ANOTHER : “MAN CAUSED” GLOBAL WARMING ??? COAL compared to the size of the planet and other stuff.

Posted on Fri 05/26/2017 by

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By T. L. Jenkins

This is about comparing human activity to the size of the planet and is the fifth in a series about why humans may NOT be affecting global climate from the use of fossil fuel putting CO2 into earth’s atmosphere. Previously here, crude oil was compared to the size of the planet and now—well, coal is compared in the same way.

How coal is looked at here, as was crude oil previously, is not the usual way coal is discussed. and may help you see how puny the nature of burning fossil fuel actually is and how little impact humans actually have on the planet.

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If it were possible to spread the annual world coal production evenly over the planet, it would be roughly 2,150 times thinner than a dollar bill. and so thin it couldn’t be seen as an “oil” slick on water.

IT WOULD BE INVISIBLE.

If you’ve read the previous 2 articles here on “CRUDE OIL”, then you know what the preceding paragraph is getting at.

If you didn’t catch those articles, you might think knowing how thick a years worth of coal spread over the planet would be—well, you might think it’s just cool trivia.

So, OK it might be neat trivia, but trivia for it’s own sake is just incidental.

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It’s very difficult for people not to believe the climate-change witch-doctors as those shamans dance around their sacred “climate-change” ritual fire throwing their flash-powder of “catastrophe” into the flames. But then, when we see all those autos bearing down on us on the interstate, see those huge factories and power plants looming over the landscape and people everywhere we go, how could we not believe the warmists dire proclamations of doom? But those things are local realities only. They blind us to seeing the larger reality—the whole planet at once.

Forget about how the warmists do their voodoo dance around the sacred fire, rattling their string of bones, intoning their visions of death and destruction when they tell you how many tons of CO2 all those automobiles produce in one year, or how many millions of tons of CO2 a power plant cranks out in one year—those are the monsters conjured in the smoke from their ritual fire, aimed to dazzle you with the witch-doctor’s omnipotence. Forget about the sea of people you see around you every day, or the rivers of autos you encounter on your drive to work. Again, those are local realities—not global realities.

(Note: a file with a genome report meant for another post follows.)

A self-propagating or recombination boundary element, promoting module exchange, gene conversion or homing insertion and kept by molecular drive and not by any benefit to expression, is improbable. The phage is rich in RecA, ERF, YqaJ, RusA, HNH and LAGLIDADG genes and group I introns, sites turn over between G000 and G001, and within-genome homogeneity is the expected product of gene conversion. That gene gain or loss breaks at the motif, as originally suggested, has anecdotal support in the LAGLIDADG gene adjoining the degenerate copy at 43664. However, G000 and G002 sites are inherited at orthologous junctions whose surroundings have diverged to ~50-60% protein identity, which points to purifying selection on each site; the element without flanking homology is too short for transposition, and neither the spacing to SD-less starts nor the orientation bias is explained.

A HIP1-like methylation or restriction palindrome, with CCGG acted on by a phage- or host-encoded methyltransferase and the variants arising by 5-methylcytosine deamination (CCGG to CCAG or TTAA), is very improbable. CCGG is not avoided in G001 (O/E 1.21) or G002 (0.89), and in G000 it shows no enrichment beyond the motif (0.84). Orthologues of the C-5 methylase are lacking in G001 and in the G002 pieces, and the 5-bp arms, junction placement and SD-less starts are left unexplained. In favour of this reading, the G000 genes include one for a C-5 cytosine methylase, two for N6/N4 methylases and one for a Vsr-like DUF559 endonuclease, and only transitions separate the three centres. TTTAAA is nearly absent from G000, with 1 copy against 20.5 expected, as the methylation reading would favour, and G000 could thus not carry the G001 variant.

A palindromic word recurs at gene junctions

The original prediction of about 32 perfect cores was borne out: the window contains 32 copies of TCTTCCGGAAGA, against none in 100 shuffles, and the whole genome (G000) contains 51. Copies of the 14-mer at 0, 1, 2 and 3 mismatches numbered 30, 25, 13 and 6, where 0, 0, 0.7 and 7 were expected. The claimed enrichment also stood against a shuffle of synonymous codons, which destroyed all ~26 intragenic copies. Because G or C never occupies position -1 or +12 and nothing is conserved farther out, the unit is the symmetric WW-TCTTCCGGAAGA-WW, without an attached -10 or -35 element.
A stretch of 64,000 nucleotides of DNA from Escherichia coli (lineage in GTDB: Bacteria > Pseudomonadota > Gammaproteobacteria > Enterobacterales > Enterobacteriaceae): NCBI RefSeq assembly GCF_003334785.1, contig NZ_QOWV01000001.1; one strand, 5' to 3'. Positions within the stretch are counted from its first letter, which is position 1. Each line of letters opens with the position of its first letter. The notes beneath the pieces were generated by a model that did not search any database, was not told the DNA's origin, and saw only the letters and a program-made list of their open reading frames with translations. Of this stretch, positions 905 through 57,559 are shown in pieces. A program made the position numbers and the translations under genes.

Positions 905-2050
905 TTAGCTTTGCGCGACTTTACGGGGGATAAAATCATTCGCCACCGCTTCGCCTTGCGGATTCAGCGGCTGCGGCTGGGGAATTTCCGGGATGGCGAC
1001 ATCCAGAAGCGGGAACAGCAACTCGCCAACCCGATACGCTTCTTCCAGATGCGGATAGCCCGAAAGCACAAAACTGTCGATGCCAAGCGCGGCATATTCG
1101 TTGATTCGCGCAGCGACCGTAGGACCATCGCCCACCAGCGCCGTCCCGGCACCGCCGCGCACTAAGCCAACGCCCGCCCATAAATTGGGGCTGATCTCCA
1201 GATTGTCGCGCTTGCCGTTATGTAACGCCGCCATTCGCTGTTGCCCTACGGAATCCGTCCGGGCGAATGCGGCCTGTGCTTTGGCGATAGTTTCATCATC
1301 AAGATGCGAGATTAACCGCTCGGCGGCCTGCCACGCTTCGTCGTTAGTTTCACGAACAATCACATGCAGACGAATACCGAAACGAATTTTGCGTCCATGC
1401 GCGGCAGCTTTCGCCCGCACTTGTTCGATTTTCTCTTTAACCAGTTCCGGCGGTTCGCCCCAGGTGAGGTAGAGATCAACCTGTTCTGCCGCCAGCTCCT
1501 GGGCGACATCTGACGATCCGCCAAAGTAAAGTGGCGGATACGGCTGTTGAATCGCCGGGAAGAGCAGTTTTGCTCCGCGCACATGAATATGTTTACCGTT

The only way to know the truth is to look at fossil fuel consumption as a whole and forget how it’s dispersed throughout the infrastructure.

The way it’s done here was chosen to get away from the myopic view of the local realities of all those people and machines buzzing in our heads, making us believe humans are everywhere on the planet putting all that “pollution” into the air.

Humans are just a tiny fraction of the ecology of the planet. If you caught the first, and other articles in this series, you might agree. Nevertheless, it’s heresy for not buying the warmist’s dogma of climate change caused by burning fossil fuels and to think humans are so insignificant to the balance of nature. The human-hating asinine “environmentalists” who, in their fallacy and fantasy of man-caused global warming, arrogantly want to instruct the “little people” that they (the little people) are “flat-earthers” and “climate-change deniers”…Such towering intellect! …They might as well be saying : “You’re stupid!”…(A true case of the pot calling the kettle black—in one man’s opinion) We “flat-earthers” could as easily and more accurately say of “warmists” they believe in fairies and watch way too much TV and get their news from “Disney” shows. (there are no such things as singing penguins) … They think human’s every move is destructive to the planet and wish we’d all go away (except for themselves). They see themselves above the fray of humanity—a separate species, but who, in their all-knowing arrogance still don’t seem to get the very simple concept of the connection between fossil fuels, or energy sources of any kind, and their convenient light switch, and are content to have that convenient light switch at hand but would, in their ignorance, deny that same privilege to others by opposing affordable energy and even oppose a power line going through the forest to “save a tree”…makes me sick…..